New government data reveals the significant role Heathrow airport has played in equipping front-line workers and hospitals in their fight against Covid-19. From January until March this year, Heathrow welcomed 5,269 tonnes of specific medical cargo items urgently needed in the Covid-19 pandemic including hospital equipment, PPE, sterilisation and disinfecting products, medical oxygen, medicines, swabs and test kits from dedicated cargo carriers like DHL Express or repurposed passenger aircraft. In March alone, Heathrow imported nearly 33 percent (32.9 percent) of the UK’s critical equipment to fight Covid-19, by value, compared to all other ports in the UK including rail, air and sea ports.
Over January to March this year, Heathrow also welcomed 58 percent of the UK’s pharmaceutical imports by value, underscoring the airport’s role in keeping open the vital supply lines our healthcare needs.
These figures are set to increase over the next weeks as many airlines have either begun flying freighters, planes designed solely for the purpose of moving cargo into Heathrow, or repurposing passenger aircraft for cargo use. British Airways, Virgin Atlantic and American Airlines are just some of the airlines who have re-invented the use of passenger planes by using seats, overhead lockers and the hold to carry vital supplies. In total , 4153 cargo-only flights have arrived at Heathrow so far this year – an increase of 304 percent compared to 2019.
This has meant that, even as total UK imports are falling, the value of imports through Heathrow continue to increase. Heathrow was the conduit for 36 percent of the country’s total imports by value by March – an increase of 20 percent compared to the same month last year.
As the country looks for a way to recover economically after the effects of the pandemic, Heathrow’s role as the front door for trade will become even more vital.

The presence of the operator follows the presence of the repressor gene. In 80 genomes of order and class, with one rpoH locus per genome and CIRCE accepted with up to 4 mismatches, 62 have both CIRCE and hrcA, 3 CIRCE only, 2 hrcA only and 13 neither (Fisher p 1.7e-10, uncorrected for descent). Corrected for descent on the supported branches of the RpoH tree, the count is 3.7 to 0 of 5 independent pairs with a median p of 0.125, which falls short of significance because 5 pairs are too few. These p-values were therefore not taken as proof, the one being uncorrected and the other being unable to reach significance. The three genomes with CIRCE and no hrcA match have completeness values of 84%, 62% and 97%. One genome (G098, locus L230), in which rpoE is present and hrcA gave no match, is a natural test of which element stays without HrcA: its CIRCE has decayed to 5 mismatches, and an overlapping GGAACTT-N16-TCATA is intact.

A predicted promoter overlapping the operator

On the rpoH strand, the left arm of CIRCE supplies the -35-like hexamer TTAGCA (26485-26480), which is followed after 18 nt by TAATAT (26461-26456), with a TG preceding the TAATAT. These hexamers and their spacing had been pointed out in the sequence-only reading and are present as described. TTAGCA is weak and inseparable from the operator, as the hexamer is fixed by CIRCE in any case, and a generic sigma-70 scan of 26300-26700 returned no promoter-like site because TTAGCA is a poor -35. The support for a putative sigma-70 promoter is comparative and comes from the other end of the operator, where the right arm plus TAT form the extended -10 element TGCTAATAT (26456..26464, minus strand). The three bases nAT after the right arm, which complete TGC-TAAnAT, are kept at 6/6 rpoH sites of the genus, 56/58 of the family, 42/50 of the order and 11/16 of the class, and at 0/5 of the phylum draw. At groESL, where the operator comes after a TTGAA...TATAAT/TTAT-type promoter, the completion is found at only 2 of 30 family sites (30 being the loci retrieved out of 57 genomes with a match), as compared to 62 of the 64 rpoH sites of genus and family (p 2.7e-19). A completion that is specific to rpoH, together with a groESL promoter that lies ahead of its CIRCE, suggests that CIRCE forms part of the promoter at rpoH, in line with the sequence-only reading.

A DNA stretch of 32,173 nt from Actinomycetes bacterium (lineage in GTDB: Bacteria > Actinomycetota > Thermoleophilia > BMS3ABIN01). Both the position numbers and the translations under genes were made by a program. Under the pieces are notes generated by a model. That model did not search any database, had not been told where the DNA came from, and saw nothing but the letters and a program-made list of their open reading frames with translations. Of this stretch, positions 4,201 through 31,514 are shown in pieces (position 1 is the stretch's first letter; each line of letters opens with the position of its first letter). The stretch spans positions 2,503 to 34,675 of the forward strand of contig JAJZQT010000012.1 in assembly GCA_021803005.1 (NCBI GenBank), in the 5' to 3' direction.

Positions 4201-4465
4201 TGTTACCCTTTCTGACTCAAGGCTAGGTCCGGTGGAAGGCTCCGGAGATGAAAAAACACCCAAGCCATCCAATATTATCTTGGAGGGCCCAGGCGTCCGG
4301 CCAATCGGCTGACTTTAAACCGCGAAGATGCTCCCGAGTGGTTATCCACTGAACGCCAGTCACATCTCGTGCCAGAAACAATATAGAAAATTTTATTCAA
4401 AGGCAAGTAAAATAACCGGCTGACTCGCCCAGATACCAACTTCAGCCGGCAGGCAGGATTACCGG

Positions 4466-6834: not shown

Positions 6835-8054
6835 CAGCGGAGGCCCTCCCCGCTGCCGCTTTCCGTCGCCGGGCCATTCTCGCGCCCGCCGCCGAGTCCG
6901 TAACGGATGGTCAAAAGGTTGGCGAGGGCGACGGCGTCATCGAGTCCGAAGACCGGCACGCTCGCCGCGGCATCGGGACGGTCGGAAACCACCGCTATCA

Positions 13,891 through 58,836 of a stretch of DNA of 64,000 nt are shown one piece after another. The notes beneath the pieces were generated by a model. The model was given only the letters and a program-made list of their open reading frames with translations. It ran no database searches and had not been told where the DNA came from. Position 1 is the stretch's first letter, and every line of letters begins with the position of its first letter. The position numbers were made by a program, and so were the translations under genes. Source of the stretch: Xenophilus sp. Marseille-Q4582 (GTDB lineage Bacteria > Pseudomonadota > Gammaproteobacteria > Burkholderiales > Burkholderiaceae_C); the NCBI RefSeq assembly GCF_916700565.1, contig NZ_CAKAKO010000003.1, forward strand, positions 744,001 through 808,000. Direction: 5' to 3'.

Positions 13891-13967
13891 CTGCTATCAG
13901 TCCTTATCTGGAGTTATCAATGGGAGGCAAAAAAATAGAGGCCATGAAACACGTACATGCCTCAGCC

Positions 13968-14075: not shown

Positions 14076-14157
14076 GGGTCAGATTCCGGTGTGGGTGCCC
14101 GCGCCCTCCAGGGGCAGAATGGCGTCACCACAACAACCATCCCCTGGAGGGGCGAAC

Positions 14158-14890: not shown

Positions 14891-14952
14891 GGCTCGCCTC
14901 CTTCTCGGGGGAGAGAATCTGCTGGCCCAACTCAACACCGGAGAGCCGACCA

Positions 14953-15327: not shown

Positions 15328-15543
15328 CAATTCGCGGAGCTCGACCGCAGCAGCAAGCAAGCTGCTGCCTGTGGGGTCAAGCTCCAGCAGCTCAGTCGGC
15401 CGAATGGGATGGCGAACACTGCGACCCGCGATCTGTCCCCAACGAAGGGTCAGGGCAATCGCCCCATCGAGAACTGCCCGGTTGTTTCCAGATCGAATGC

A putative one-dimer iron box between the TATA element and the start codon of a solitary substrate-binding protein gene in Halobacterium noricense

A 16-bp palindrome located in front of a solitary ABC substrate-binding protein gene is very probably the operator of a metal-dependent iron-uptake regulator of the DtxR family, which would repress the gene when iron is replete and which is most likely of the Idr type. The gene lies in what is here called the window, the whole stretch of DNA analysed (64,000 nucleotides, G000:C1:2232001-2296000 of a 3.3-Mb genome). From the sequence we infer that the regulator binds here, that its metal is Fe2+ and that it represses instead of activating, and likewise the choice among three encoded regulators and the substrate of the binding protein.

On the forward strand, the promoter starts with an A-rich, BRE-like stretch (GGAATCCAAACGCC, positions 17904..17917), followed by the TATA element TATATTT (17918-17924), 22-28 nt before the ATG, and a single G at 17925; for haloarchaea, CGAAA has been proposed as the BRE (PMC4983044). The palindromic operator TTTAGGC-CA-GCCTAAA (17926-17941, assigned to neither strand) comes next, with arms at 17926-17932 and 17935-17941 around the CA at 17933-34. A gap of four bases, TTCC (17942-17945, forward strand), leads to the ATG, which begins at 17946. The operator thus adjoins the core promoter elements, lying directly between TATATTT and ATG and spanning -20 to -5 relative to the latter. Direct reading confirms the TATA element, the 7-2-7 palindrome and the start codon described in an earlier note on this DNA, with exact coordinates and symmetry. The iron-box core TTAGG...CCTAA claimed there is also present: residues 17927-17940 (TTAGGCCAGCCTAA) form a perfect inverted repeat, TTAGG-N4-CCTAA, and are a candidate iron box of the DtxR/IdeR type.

Heathrow CEO John Holland-Kaye said, “Heathrow is more than just an airport – it is the country’s biggest front door, not only for people, but also the time-critical, sensitive cargo that is essential to the UK’s front line heroes.
The secretary of state for transport’s proposals for a potential risk-based “air bridge” will allow trade to continue between low-risk destinations, protect the public health and enable Heathrow to play its part in kickstarting the nation’s economic recovery . Ministers have taken a responsible step and we will continue to work with them to beat COVID-19 and return the UK economy to health once more.”
Commenting on the latest figures, Elizabeth de Jong, director of policy, Freight Transport Association (FTA) said, “Air cargo has been vital to maintaining the integrity of the UK’s supply chain, and helped businesses cope with unprecedented demand in areas including medical supplies, food and other essentials. The COVID-19 pandemic has shown the resilience of the UK’s logistics industry, helped in no small part by the flexibility of air operators via Heathrow to release additional capacity to support UK PLC”